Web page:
Kawasaki Endeavour electric motorcycle gets serious

The Kawasaki Endeavour electric motorcycle project could be getting closer to completion as new patents prove

Kawasaki electric bike patents

The Kawasaki Endeavour electric motorcycle project could be getting closer to completion as new patents prove

DESPITE the factory keeping hushed on an official announcement of the release, the Kawasaki Endeavour electric motorcycle project seems to be gaining momentum, as these new patents show.

We’ve known about the Kawasaki Endeavour project for some time now, with Kawasaki rolling one out at the EICMA show in Italy for all to see last winter. Although the factory has been quite shy about announcing the machine as an upcoming model. The reason most likely is that announcing the bike puts it in a pre-determined timeline until launch and with the world the way it is currently, that is probably something Kawasaki top-brass don’t want to commit to!

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But don’t think that means the wheels of progress aren’t in motion, as these new patents give some insight into how the new electric motorcycle could be put to market.

The images clearly show the Endeavour, or at least the most important parts of it, frame, motor, battery, gearbox and chassis parts, with the only thing missing being the fairing – if indeed it has one by that point.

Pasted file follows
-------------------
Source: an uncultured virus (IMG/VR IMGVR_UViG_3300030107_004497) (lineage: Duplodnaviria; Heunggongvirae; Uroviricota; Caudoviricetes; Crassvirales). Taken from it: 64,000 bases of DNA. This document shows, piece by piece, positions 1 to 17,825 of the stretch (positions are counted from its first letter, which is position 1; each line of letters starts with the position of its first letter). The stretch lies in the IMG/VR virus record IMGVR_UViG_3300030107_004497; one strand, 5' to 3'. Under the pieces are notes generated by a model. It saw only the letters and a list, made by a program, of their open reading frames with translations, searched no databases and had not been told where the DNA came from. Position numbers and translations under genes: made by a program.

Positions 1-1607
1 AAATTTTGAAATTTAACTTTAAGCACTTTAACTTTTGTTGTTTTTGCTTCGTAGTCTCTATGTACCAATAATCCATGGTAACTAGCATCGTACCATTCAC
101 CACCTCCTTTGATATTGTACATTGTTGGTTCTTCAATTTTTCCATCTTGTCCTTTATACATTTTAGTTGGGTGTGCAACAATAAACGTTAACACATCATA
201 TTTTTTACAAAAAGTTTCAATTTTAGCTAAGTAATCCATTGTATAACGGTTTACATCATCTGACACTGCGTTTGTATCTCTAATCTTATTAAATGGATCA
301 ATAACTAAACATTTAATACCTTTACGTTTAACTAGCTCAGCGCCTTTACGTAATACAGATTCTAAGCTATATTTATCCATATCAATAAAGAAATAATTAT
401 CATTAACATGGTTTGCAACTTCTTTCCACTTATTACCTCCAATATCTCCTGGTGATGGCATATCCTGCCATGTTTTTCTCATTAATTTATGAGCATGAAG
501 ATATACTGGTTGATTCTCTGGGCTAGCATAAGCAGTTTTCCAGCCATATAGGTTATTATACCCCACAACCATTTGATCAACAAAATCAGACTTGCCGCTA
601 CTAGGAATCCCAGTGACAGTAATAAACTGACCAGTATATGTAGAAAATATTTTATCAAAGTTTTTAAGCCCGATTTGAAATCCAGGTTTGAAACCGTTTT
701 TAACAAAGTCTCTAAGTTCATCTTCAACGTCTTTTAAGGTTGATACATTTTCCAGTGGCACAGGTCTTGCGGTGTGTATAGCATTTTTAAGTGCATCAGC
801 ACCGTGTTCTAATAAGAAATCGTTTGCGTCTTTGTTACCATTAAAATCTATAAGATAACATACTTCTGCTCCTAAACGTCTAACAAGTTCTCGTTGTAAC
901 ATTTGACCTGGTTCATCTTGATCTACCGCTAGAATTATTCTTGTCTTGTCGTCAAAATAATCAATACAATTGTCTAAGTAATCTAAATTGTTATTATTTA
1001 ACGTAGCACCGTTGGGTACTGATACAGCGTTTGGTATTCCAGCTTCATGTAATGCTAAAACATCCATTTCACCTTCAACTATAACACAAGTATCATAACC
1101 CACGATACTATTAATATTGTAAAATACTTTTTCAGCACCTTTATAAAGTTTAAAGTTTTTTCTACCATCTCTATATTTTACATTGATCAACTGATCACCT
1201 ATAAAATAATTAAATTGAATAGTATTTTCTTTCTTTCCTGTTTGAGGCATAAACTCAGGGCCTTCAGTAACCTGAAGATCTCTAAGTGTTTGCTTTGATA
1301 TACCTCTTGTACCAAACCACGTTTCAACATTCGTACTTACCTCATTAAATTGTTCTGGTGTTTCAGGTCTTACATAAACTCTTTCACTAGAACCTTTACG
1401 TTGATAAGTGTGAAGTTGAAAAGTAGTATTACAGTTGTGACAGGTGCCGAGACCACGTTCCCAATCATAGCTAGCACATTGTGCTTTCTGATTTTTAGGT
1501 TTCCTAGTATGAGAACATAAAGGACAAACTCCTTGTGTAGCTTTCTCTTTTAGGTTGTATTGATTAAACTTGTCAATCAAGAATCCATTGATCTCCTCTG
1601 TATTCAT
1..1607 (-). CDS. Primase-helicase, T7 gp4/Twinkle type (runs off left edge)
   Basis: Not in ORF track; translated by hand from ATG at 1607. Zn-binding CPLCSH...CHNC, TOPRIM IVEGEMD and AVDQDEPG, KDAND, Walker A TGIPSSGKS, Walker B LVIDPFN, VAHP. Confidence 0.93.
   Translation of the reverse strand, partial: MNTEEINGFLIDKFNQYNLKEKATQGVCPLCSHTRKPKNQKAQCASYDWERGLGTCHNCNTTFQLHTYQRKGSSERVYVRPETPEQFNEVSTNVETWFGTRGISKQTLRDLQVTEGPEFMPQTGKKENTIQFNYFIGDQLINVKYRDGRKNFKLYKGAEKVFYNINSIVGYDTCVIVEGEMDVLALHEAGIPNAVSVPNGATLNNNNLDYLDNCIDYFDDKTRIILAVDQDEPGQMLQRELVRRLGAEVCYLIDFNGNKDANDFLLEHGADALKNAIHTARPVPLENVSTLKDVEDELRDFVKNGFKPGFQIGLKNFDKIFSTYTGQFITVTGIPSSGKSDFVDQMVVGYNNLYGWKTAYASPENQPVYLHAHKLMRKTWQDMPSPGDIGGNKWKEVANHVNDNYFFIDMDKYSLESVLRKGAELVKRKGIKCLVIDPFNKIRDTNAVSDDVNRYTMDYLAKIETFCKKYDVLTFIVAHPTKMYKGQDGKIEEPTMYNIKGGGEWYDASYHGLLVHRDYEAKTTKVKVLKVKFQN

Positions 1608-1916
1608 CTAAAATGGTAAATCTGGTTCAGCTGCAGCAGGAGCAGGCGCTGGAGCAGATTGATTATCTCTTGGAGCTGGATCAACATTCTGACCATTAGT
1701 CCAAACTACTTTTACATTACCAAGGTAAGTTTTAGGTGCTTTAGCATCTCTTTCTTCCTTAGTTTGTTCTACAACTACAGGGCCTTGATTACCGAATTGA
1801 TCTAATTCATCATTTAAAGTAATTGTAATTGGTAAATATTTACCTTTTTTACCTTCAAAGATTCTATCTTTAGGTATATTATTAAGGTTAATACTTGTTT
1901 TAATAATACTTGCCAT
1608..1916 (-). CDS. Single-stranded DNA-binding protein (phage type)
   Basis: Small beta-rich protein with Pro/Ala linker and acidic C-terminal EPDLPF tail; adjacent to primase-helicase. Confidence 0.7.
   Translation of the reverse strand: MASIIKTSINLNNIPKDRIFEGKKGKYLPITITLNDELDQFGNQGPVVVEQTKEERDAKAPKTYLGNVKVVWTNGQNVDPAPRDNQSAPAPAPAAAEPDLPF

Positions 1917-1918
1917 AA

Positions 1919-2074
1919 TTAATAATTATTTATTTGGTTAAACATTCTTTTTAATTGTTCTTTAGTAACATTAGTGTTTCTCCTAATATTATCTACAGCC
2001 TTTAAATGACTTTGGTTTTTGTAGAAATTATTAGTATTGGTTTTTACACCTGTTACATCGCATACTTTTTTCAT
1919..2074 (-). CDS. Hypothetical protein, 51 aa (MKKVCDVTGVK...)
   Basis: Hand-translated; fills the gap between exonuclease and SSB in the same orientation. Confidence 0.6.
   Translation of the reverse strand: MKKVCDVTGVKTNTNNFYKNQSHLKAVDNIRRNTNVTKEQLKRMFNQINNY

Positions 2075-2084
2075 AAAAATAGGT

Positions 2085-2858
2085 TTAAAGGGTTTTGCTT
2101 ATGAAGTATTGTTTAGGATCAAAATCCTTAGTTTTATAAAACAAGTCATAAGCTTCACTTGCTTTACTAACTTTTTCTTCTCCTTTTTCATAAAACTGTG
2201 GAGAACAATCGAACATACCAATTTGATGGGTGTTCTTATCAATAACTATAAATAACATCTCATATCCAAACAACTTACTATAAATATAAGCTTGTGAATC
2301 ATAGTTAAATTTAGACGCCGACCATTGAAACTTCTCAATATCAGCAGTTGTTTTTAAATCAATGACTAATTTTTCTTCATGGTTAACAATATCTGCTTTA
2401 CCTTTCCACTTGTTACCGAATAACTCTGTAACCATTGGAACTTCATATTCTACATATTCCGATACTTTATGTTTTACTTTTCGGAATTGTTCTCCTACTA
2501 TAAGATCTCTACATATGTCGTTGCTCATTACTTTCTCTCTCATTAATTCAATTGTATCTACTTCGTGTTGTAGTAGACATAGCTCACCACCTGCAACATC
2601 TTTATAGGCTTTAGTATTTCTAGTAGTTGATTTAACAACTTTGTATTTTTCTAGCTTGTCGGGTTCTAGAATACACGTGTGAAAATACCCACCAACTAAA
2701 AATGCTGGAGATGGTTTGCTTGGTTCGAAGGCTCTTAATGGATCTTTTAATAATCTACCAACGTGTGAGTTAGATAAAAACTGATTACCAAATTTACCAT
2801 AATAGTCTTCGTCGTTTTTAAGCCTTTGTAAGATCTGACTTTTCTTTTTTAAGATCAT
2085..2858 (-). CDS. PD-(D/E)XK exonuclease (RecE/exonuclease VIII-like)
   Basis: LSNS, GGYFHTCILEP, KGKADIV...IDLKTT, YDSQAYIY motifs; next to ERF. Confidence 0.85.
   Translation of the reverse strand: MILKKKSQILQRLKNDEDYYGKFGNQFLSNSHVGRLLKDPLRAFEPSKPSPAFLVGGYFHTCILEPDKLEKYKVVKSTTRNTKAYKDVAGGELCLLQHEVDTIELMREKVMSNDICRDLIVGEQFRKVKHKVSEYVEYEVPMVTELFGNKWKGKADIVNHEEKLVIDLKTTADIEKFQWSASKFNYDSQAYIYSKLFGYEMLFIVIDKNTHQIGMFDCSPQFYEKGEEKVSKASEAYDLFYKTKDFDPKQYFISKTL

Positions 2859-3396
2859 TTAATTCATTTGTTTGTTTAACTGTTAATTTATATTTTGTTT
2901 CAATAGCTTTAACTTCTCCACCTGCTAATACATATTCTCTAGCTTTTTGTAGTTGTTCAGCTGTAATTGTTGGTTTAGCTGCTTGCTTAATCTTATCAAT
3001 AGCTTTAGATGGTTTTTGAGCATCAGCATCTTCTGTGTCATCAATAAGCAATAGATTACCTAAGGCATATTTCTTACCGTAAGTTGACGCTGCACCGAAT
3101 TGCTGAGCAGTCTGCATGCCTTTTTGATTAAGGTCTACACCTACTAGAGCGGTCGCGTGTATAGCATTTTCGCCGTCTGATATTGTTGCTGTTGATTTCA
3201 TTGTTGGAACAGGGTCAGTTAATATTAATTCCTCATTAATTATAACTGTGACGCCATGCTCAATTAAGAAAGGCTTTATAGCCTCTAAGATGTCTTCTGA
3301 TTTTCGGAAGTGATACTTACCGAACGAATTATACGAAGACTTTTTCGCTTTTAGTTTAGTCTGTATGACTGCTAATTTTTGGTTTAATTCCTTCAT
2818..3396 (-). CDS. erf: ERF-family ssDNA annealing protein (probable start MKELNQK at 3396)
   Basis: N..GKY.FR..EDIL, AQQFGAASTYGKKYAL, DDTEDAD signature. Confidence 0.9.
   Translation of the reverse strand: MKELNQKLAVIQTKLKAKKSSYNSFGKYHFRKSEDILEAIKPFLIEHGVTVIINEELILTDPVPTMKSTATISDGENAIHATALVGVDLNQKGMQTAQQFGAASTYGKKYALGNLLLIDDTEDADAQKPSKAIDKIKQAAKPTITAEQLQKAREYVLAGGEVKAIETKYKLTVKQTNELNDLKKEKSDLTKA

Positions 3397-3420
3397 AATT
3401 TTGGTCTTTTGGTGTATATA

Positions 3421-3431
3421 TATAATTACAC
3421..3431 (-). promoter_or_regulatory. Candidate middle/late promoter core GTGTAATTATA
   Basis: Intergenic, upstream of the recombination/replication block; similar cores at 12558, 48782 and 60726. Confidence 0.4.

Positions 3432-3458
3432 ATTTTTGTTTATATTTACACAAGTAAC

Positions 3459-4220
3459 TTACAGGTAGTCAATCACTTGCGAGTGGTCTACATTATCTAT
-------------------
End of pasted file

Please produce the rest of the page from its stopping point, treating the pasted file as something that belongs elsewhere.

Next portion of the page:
What is really interesting though is that the images show how the new bike will reach the customer. In the image below we can see a well thought out timeline showing a bike without the battery or control unit arriving at what we assume is a Kawasaki dealer. From there we can see the battery and control unit – which will likely form part of the battery unit – being fitted at the dealer prior to the customer collecting the bike.

We can also see from the wiring diagram that the control unit includes accelerometers and temperature sensors. While both can be used while the bike is in motion to diagnose a fault, it’s not beyond the bounds of reasonability to assume they could also monitor the health of the battery while the unit is being shipped, notifying the dealership of any damage occurred during transit.

Why would the Kawasaki Endeavour electric motorcycle be shipped in this way?

One reason the firm may be investigating this modular for shipping with construction at the dealership is to circumnavigate some fairly complex rules that arise when shipping high power electrical components. It also means the motorcycle part of the bike, chassis, brakes, and wheels, etc, can be manufactured at a classic production facility, with the electronics – a far more niche area for Kawasaki – being manufactured elsewhere.

Does any of the above mean Kawasaki is 100 percent going ahead with the Endeavour electric motorcycle project, no, in truth it doesn’t. Although after putting this much thought and time into the project, it’d be a massive surprise if we didn’t see a completed machine within at least a couple of years.